This Court must disagree, however, with the determination that there was no due process in effecting respondent’s dismissal. In the dismissal of employees, it has been consistently held that the twin requirements of notice and hearing are essential elements of due process. The employer must furnish the worker with two written notices before termination of employment can be legally effected: (a) a notice apprising the employee of the particular acts or omissions for which his dismissal is sought, and (b) a subsequent notice informing the employee of the employer’s decision to dismiss him. With regard to the requirement of a hearing, the essence of due process lies simply in an opportunity to be heard, and not that an actual hearing should always and indispensably be held.
In the case at bar, petitioner appears to have complied with these requirements. Petitioner furnished respondent with a memorandum dated 16 January 1998 informing him that he had been found to have committed acts constituting serious misconduct and requiring him to explain why he should not be dismissed for cause for such acts. Respondent submitted his written explanation and later, petitioner set up a conference attended by respondent and other employees connected with the creation and operation of CNRI to give them further opportunity to be heard on the charges against them. Despite the explanations, petitioner still decided to dismiss respondent from the service and subsequently informed him of its decision through the Interoffice Letter dated 12 February 1998.
San Antonio v. NLRC may not be applied to the case at bar since it is not on all fours with the facts of the case. In San Antonio, after petitioner therein, in compliance with the company’s directive, had explained why he should not be disciplinarily dealt with, he received forthwith the company’s decision to dismiss him from employment. No hearing or a semblance thereof was conducted, unlike in the case at bar, where respondent’s written explanation was followed by a conference before petitioner’s final decision to terminate his employment.
Finding that petitioner had observed due process in terminating respondent’s employment, the award of moral, exemplary, and nominal damages has no basis and was correctly deleted in the decision of the NLRC as affirmed by the Court of Appeals.
We affirm the award of “other benefits” in the assailed Decision, since such benefits were included in the prayer in petitioner’s complaint as “bonuses and other benefits,” reiterated in his position paper as “all his lawful claims,” and in his other pleadings as “such other reliefs,” and respondent’s entitlement thereto had been duly proven.
WHEREFORE, the petition for review is DENIED and the Decision dated 24 September 2002 and Resolution dated 20 January 2003 of the Court of Appeals are AFFIRMED. Costs against petitioner.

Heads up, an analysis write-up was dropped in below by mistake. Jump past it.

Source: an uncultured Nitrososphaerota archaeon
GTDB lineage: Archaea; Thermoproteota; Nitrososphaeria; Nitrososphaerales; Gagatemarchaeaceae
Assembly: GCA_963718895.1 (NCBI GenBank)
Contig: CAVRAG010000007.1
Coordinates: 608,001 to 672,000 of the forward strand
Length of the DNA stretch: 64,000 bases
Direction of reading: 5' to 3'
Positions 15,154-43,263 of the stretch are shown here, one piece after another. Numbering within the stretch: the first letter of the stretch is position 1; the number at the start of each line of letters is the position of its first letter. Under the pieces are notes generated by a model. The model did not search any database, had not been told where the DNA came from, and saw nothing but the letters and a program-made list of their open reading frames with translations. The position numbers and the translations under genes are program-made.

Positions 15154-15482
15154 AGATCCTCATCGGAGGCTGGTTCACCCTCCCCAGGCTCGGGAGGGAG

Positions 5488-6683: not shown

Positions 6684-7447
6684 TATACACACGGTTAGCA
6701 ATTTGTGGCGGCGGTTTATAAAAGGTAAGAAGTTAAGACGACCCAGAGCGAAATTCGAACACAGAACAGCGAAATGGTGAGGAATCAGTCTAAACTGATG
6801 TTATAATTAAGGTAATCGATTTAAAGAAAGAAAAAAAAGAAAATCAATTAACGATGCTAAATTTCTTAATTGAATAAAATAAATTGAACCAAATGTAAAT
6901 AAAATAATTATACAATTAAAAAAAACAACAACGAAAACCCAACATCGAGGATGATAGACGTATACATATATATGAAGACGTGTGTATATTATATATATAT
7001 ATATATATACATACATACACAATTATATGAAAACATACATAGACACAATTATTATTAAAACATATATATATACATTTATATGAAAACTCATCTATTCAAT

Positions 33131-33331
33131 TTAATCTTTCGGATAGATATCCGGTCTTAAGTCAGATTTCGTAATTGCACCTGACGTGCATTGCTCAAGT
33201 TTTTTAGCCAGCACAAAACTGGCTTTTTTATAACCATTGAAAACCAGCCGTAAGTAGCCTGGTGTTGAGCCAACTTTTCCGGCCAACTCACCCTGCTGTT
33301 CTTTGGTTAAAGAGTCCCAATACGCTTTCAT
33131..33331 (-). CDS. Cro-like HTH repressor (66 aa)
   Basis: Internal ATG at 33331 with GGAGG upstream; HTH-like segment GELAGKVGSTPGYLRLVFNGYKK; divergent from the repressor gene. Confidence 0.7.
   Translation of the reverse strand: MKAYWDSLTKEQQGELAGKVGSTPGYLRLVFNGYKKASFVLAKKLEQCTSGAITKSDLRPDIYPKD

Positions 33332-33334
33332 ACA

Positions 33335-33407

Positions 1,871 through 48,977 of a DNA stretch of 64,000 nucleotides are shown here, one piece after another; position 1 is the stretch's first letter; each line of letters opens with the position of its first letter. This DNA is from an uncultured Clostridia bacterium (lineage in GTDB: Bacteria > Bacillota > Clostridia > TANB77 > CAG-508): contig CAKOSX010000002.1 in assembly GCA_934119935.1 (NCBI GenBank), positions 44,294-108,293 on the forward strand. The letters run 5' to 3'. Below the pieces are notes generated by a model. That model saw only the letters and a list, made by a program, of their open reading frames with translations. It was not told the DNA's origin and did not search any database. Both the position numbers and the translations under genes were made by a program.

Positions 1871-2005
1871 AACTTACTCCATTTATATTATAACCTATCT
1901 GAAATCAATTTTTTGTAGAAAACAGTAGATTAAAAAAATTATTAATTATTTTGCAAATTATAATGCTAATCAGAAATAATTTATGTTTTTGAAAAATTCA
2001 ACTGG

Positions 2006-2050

SOURCE: [ G.R. NO. 157028, January 31, 2006 ]METROPOLITAN BANK AND TRUST COMPANY, PETITIONER, VS. LUIS B. BARRIENTOS, RESPONDENT. Tags: Alcantara Alcoy moral damages Alegria actual damages Aloguinsan Argao Asturias Badian Balamban Bantayan Barili Boljoon Borbon Carmen Catmon Compostela Consolacion Cordova Daanbantayan Dumaguete Bais Sibulan Tampi Bacong Negros Bacolod Separation pay Resign Resignation Back wages Backwages Length of service pay benefit employee employer relationship Silay Kabankalan Daan Bantayan Dalaguete Dumanjug Ginatilan Liloan compensatory damages Madridejos Malabuyoc Medellin Minglanilla Moalboal Oslob Pilar Pinamungajan Poro Ronda Samboan San Fernando San Francisco San Remigio Sante Fe Santander Sibonga Sogod Tabogon Tabuelan Tuburan attorney’s fees Tudela exemplary damages Camotes General Luna Siargao Cagayan Davao Kidapawan Attorney Abogado Lawyer Architect Real Estate Broker nominal damages Sales Agent Properties for Sale Looking for Buyers Design Build House and Lot for Sale for Rent Talisay City Mandaue City Lapu Lapu Lapu-Lapu City Yncierto Sesante Villanueva Ruz Jan Edmond Marc Tim Timothy temperate damages Luz liquidated damages Kristin tct transfer certificate of title tax declaration birth certificate relocation survey surveying judicial titling administrative titling patent title denr cenro foreshore lease ecc environmental compliance certificate design build architect cebu engineer interior design designer residential commercial cebu property warehouse for rent for lease marc Christian yncierto ruz jan Edmond yncierto ruz Kristin Villanueva ruz Edmond mabalot ruz marriage certificate timber land forest land watershed agricultural lot land use conversion hearing trial illegal drugs trial lawyer business corporate lawyer labor lawyer immigration law bureau of immigration cebu 9g visa search warrant warrant of arrest motion to quash information complaint police officers buy bust physical suffering shocked horrified mental anguish fright serious anxiety besmirched reputation sleepless nights wounded feelings moral shock social humiliation similar injuries